What’s a Coach to Do? Teach Ethics!

News flash: star players are treated differently than bench sitters.

If we have surprised you with that observation, please let us know. In fact, we have a bridge we’d like to sell you along with a classic Ford Pinto and a case of White Coke.

Stan Van GundyAs for the news flash, no matter your game of choice, the star player almost always gets star treatment. Is it fair? Depends of course; always depends, and we’re not talking adult diapers. Teams and leagues often peg their status to the exceptional human beings who can do the things we mere mortals cannot hope to do. We buy their tickets and their fast food to watch them.

Star treatment is a refined art, especially when it comes to professional basketball. The NBA has a spotlight on its marquee players that has no equal in the world of sports. Is it right? Hard to say, but going back to way before the Pinto and the Corvair, we can guess where the league might have been before their stars: a distant second to the collegiate game, that’s where.

Here is where the problem creeps in, and we’ll call it perspective.

To Head Coach Stan Van Gundy of the Pistons, the officials are making calls in favor of the Cavalier’s star player, LeBron James. In fact, in a recent interview to ESPN’s Lisa Salters in regard to the playoffs, Van Gundy said:

“A couple calls have upset our guys. They’ve got to understand, LeBron’s LeBron. They’re not going to call offensive fouls on him. He gets to do whatever he wants. They’ve got to understand that.”

His comments cost him $25,000. We’re not crying over Van Gundy’s fine. The coach makes about $7 million a year – and that doesn’t include appearance fees, clinics, signings and all of the commercial work. When all is said and done, we also doubt if most it comes out of his pocket. We get that he is protecting his guys; rookie Stanley Johnson in particular, who is trying to defend LeBron. LeBron James did not take the bait. He basically said, “shut up and play.”

Van Gundy should know better. The Cavaliers, a #1 seed, went 57-25, while Van Gundy’s Pistons were a #8 seed, with a 44-38 record. The only teams with more wins than Cleveland were Golden State and San Antonio. When all was said and done, LeBron had some help over the regular season and not because the officiating was always in his favor. Basketball, you see, is a team sport.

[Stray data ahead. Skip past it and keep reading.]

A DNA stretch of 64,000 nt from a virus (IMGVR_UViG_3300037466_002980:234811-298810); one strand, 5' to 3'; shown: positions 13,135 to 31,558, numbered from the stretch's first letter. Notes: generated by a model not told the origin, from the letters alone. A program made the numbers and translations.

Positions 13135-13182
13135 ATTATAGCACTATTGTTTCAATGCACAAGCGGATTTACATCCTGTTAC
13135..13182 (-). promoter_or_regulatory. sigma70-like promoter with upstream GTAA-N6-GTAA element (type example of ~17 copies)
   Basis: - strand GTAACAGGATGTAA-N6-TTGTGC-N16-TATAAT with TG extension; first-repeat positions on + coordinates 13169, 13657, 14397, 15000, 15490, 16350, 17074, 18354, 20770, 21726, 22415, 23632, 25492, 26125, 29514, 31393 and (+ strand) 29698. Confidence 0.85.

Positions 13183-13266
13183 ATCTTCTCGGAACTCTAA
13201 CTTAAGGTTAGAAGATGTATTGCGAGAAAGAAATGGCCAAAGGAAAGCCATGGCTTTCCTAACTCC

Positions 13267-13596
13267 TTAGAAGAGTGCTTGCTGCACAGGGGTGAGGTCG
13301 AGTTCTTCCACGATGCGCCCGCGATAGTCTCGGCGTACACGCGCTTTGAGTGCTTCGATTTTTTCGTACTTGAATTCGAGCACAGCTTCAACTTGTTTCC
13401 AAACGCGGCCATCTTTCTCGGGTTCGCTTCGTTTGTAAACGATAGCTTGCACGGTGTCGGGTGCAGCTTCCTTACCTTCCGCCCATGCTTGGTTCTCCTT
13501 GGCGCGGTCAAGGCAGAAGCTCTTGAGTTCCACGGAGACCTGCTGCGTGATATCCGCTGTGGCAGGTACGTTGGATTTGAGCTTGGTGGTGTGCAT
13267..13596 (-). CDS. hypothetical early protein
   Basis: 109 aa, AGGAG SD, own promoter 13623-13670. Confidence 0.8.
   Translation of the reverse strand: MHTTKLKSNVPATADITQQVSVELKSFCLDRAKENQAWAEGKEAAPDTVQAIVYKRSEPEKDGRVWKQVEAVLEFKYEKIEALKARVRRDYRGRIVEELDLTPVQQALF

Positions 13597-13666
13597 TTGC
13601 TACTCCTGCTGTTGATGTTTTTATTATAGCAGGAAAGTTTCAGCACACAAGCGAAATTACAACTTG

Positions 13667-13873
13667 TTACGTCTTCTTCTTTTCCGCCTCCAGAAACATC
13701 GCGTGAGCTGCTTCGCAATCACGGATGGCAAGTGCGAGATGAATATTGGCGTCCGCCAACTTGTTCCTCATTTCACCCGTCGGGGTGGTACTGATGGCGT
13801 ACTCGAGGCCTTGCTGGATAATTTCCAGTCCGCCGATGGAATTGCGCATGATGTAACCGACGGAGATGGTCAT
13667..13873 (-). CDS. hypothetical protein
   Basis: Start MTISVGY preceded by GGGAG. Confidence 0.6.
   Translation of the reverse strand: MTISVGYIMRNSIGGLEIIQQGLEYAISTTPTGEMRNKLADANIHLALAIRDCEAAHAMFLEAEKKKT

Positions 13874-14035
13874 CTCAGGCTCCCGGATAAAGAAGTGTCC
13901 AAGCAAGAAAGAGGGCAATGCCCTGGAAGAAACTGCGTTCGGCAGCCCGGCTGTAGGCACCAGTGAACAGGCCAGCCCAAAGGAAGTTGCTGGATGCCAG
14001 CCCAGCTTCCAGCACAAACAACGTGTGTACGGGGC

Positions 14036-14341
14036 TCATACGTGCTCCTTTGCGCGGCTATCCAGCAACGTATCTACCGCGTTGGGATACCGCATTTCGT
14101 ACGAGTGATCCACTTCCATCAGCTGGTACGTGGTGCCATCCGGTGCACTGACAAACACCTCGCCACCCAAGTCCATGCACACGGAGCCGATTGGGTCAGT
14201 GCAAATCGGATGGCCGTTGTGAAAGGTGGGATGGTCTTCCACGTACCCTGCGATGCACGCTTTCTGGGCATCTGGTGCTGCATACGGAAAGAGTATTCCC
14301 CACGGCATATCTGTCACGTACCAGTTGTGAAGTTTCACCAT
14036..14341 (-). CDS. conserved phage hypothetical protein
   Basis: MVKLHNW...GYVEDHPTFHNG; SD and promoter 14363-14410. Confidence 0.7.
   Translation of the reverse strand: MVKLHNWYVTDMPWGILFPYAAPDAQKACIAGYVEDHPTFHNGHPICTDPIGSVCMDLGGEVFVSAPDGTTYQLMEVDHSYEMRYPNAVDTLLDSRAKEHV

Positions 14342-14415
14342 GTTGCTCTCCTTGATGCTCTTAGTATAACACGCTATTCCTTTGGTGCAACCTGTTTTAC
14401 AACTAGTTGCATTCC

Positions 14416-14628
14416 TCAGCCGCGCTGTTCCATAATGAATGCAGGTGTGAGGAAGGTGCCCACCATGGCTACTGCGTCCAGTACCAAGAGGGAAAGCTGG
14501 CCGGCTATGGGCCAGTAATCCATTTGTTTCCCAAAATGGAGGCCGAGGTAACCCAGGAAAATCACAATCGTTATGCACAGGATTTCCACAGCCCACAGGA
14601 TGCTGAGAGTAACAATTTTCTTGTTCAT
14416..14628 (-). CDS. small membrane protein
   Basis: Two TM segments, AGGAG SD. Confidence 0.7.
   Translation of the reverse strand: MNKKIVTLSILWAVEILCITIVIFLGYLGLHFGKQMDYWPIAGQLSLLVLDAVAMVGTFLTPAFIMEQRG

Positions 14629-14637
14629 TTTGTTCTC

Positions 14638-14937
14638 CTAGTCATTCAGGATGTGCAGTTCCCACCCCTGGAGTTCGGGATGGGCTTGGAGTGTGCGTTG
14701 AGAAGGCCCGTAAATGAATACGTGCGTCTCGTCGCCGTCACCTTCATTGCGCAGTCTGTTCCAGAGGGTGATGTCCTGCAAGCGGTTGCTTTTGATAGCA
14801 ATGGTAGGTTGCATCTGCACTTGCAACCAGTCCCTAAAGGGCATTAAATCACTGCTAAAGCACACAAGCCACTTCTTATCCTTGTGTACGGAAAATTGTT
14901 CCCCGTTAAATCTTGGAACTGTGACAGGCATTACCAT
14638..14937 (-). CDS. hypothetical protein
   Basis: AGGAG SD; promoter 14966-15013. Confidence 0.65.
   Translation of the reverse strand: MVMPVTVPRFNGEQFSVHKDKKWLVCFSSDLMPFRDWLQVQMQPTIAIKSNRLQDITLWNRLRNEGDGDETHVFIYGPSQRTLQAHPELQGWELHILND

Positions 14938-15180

Works both Ways?

To not sound simplistic or naïve, star players are afforded star treatment. Everyone knows that, including Van Gundy. His players know it too. So do the towel boys and the locker room attendants, the trainers and the guy who smears mustard on your $8.50 hot dogs.

The final score of game 1 was Cleveland 106 and Detroit 101; Irving and Love scored more points than James, and that’s the way it goes. In that game, with the exception of the second quarter, Detroit was outscored in all of the other quarters.

If Detroit wants to make it to the next round, the answer seems simple enough: score more points.

We believe that sports are aspirational. This is where the ethics part of this discussion comes into play. College kids are looked up to by high school kids and on and on down the line. Van Gundy was venting the obvious to the media, but if in the off-season Detroit acquires a superstar, I hope he understands these things work both ways when his opponents whine. In terms of aspirations, whether it’s Podunk High School or the Detroit Pistons, the way to win is to play the game your hardest, coach great and do your best.

Do officials screw up? Yes, all the time. They also screw up (again) both ways. Get over it. The last thing we need are more entitled kids who are hanging onto Stan’s words that his Detroit team was robbed of an NBA championship because a few calls went in LeBron’s direction. The very last thing we need are more kids whining to their coaches that life is unfair because some official in a striped shirt who refuses to be their parent tells them they committed a foul.

Every year there’s hundreds if not thousands of upsets. It’s why no one cares about your stupid brackets. By the way, we have never heard one underdog whine that they didn’t deserve to win.

So Mr. Van Gundy, figure out how your #8 seed can beat the #1 seed if you can, but whining the obvious to the media doesn’t play and doesn’t help.


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